It is worth mentioning that during the time of study, our facility did not have access to indirect calorimetry. We used a surrogate calculation utilizing carbon dioxide output from our ventilator to glean measured REE and aimed to personalize our energy goals towards it. Calculated REE tends to overestimate measured REE [20], and children with traumatic brain injury are often hypometabolic secondary to the various therapeutic treatments such as hypothermic cooling, and neuromuscular blockade [21]. Our data was consistent with these observations and suggested wide discrepancies between calculated and measured REE.


Based on the challenges noted, our current protocol (Supplement 1) reflects targeted ketosis for neuroprotection in the first ten days post brain injury, with the understanding that protein provision will remain suboptimal for the duration of the ketogenic diet. To improve ketosis, patients are started on a 4:1 ketogenic ratio. We chose to change our formula mixture to 70:30 KetoVie 4:1 Vanilla: water to provide 1 kcal/ml, given there is often less volume available for enteral nutrition. If a more complex ketogenic formula with modular products is required, it will be prepared by food services to prevent potential errors. Second, to optimize protein as soon as possible, we now start weaning off the ketogenic diet on day 10 (rather than day 14) and continue weaning over 2-4 days by adding additional protein until goal protein for TBI management (1.5-3g/kg/day) is achieved. After this, carbohydrates are added and a standard enteral formula for age is transitioned. Finally, the goal ranges for urine and serum ketones (2-3+ and 3-6mmol/L respectively) have been removed from the order set; instead, the presence of ketones from both serum and urine testing will be considered a successful level of ketosis for this patient population.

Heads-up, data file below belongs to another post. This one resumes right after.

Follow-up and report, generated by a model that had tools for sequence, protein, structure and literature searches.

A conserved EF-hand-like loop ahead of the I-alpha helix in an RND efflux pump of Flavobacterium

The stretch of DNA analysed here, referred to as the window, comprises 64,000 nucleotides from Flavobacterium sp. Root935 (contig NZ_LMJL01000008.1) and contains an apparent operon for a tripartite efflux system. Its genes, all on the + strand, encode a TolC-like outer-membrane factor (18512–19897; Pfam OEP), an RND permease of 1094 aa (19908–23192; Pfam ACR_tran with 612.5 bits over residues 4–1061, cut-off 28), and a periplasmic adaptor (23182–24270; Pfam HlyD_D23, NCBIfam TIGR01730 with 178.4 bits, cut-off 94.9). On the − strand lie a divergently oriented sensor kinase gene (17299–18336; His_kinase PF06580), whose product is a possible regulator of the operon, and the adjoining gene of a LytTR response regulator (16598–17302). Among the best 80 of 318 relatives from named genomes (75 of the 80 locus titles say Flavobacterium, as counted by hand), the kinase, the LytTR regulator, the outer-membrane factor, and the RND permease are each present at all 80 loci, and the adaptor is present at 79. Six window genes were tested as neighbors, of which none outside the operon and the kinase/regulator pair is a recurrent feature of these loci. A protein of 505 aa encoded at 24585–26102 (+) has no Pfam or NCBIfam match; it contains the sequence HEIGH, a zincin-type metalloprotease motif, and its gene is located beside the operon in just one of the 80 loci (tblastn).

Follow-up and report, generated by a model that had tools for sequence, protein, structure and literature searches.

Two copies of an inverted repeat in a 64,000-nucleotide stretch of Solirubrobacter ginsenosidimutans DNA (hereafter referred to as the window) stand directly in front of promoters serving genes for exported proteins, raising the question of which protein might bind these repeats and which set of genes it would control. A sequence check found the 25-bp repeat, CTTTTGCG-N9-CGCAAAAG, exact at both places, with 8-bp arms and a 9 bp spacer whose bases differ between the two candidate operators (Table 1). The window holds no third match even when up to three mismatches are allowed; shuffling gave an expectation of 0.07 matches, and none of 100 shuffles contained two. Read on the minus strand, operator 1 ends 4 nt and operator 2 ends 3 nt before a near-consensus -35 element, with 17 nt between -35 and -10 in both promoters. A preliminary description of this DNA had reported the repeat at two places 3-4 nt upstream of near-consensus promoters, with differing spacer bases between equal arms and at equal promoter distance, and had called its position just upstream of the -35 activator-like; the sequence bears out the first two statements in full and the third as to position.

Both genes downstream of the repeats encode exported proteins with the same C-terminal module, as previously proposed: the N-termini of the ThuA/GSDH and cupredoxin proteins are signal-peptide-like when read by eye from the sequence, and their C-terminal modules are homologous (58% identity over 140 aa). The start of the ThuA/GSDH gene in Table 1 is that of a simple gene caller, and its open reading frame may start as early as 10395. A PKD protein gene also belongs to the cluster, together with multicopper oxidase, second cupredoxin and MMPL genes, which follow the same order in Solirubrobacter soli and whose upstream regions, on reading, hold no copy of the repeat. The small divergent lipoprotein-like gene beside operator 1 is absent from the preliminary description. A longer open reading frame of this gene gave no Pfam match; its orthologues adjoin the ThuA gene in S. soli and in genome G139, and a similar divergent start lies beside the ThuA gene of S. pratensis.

Ketogenic Diet Initiation for Severe Brain Injury Traumatic or Hypoxic Brain Injury with GCS ≤ 8 and ≥15kg

KETO-TBI PROTOCOL INITIATION ORDERS: (Please transcribe the following into Physicians Orders):

1. No dextrose-containing IV fluids
2. No carbohydrate-containing medications (see reverse for reference); Consult Pharmacy re: alternatives to CHOcontaining meds.
3. Blood glucose monitoring q4h until stable on goal feeds
1. If GST <2.5mmol/L, notify physician to correct with appropriate per kg dextrose load. Recheck GST in 10min and consider more frequent glucose monitoring thereafter.
4. Bedside urine ketones BID (using Chem-strip 7 strips) (GOAL: Presence of ketones).
5. Blood gas and Serum Ketones (“Beta Ketone”) q24h (GOAL: Presence of ketones). (Beta Ketone requires 0.5ml blood drawn in a dark green tube)